• Outcome: Mixed; the bill was included on the Master Study Resolution list.

 

8. Expanded Uses of School District Property Tax Revenue  (HB 295)
Allows school districts to temporarily use capital funds for general ops)
• Governing Principle: Limited Government [Center for Educational Progress]
• Sutherland Actions: Derek Monson and Stan Rasmussen sent an email to all members of the House of Representatives prior to the debate and vote on floor of the House, where it was unanimously passed.  The Senate also passed it unanimously.
• Outcome: Positive – the bill was passed.

 

9. Fathers Do Matter Concurrent Resolution  (SCR 8)
This concurrent resolution of the Legislature and the Governor urges government agencies and nonprofit organizations to study and address the consequences of father-absent households.
• Governing Principle: Family [Center for Family and Society]
• Sutherland Actions: Stan Rasmussen testified in support of the bill in the Senate committee where it was passed out favorably; it was subsequently passed by the full Senate.
• Outcome: Negative – the bill remained on the House calendar as the session ended.

 

10. Public School Extracurricular Activities for Home School and Private School Students(SB 66)
Addresses private school and home school students’ eligibility to participate in extracurricular activities; with certain exceptions, such students may only participate in extracurricular activities at the public school within whose boundaries the student’s custodial parent or legal guardian resides or a public school from which the student withdrew.
• Governing Principle: Family [Center for Educational Progress]
• Sutherland Actions: Matthew Piccolo, Derek Monson, and Stan Rasmussen sent an email to all members of the House of Representatives in support of the bill prior to the debate and vote by the full House, where the bill was amended and passed.  The bill eventually went to a conference committee that proposed a substitute version of the bill which was subsequently passed by both the House and Senate.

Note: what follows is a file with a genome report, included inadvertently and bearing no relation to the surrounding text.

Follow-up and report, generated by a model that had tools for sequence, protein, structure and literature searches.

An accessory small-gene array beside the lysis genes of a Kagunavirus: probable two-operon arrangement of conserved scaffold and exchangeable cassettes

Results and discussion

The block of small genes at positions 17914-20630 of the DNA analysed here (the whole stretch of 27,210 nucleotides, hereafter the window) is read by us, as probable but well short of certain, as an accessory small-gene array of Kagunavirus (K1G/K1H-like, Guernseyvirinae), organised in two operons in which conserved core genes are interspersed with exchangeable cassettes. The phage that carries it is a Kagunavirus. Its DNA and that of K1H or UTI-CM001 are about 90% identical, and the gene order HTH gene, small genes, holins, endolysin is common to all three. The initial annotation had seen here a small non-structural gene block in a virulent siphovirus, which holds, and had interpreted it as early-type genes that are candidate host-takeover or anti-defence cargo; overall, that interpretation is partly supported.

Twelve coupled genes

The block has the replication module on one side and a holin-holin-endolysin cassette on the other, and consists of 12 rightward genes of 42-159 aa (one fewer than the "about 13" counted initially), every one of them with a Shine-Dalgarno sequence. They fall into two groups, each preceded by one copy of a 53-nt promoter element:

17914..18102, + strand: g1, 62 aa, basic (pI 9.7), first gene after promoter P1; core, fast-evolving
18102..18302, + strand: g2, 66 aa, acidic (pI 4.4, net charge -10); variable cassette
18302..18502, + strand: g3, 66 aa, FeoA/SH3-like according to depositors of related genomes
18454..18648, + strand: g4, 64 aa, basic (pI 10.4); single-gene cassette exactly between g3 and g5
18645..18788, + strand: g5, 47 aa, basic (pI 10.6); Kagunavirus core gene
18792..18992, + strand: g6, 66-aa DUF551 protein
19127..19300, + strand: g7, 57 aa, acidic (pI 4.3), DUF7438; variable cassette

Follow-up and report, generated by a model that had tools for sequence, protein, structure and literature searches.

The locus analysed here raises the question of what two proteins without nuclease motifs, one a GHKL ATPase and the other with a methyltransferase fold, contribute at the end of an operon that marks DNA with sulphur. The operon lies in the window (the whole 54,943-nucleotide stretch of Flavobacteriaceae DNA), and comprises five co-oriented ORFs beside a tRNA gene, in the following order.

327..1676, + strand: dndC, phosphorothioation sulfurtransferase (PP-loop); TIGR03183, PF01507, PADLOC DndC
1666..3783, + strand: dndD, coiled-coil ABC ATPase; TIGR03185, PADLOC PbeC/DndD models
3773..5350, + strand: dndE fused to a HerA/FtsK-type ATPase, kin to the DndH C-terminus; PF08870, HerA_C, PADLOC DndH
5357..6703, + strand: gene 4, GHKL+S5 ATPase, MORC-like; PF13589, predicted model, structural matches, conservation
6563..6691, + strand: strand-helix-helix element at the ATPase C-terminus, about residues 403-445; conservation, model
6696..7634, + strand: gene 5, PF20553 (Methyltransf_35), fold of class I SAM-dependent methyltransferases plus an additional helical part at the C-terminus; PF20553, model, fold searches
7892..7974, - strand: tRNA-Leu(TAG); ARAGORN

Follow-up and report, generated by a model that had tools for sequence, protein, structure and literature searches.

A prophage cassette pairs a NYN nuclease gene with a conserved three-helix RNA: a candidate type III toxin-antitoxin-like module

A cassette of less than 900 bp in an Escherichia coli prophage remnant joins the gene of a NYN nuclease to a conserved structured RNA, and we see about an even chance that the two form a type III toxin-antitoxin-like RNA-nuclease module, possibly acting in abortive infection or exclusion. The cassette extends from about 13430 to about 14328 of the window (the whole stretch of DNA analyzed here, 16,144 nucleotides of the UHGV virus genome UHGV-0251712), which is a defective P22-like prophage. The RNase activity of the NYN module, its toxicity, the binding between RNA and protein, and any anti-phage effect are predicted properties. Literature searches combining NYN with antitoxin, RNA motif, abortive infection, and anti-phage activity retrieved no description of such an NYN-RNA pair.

• Outcome: Positive – the bill was passed.

 

11. School District Leave Policies  (SB 77)
Prohibits a local school board from granting paid association leave for certain employee association or union duties, etc.
• Governing Principle: Personal Responsibility [Center for Educational Progress]
• Sutherland Actions: Derek Monson responded to questions from a representative about our position on the bill.  Matt Piccolo and Stan Rasmussen sent an email in support of the bill to all members of the House of Representatives prior to the debate and vote of the full House, where it was defeated.
• Outcome: Negative – the bill was defeated.

 

12. Eminent Domain Amendments  (SB 81)
Amends provisions relating to a settlement offer and litigation expenses in an eminent domain action; authorizes the court to, under certain circumstances, award litigation expenses.
• Governing Principle: Property Rights [Center for Limited Government]
• Sutherland Actions: Derek Monson testified in support of the bill in the Senate committee where it was unanimously passed out favorably.
• Outcome: Positive – the bill was passed.

 

13. Reading Requirements for Student Advancement  (SB 150)
Requires a school district or charter school to provide notice to a parent or guardian of a student in the first, second, or third grade if the student is reading below grade level; and of available reading interventions available through the school district or charter school.
• Governing Principle: Family [Center for Educational Progress]
• Sutherland Actions: Matt Piccolo testified in support of the bill in the Senate committee where it was unanimously passed out favorably.  Piccolo and Stan Rasmussen subsequently sent an email to all members of the Senate prior to the debate and floor vote wherein the bill was passed.
• Outcome: Positive – the bill was passed.

 

14. Charter School Amendments  (SB 188)
Modifies provisions regarding the operation and governance of charter schools; expands the membership of the State Board of Education by including a member of the State Charter School Board as a nonvoting member; removes a statutory enrollment cap on charter schools.
• Governing Principle: Family [Center for Educational Progress]
• Sutherland Actions: Matt Piccolo testified in support of the bill in the in the Senate committee where it was unanimously passed out favorably.  Piccolo, Derek Monson, and Stan Rasmussen sent an email to all members of the House of Representatives in support of the bill prior to the debate and vote by the full House, where it was unanimously passed.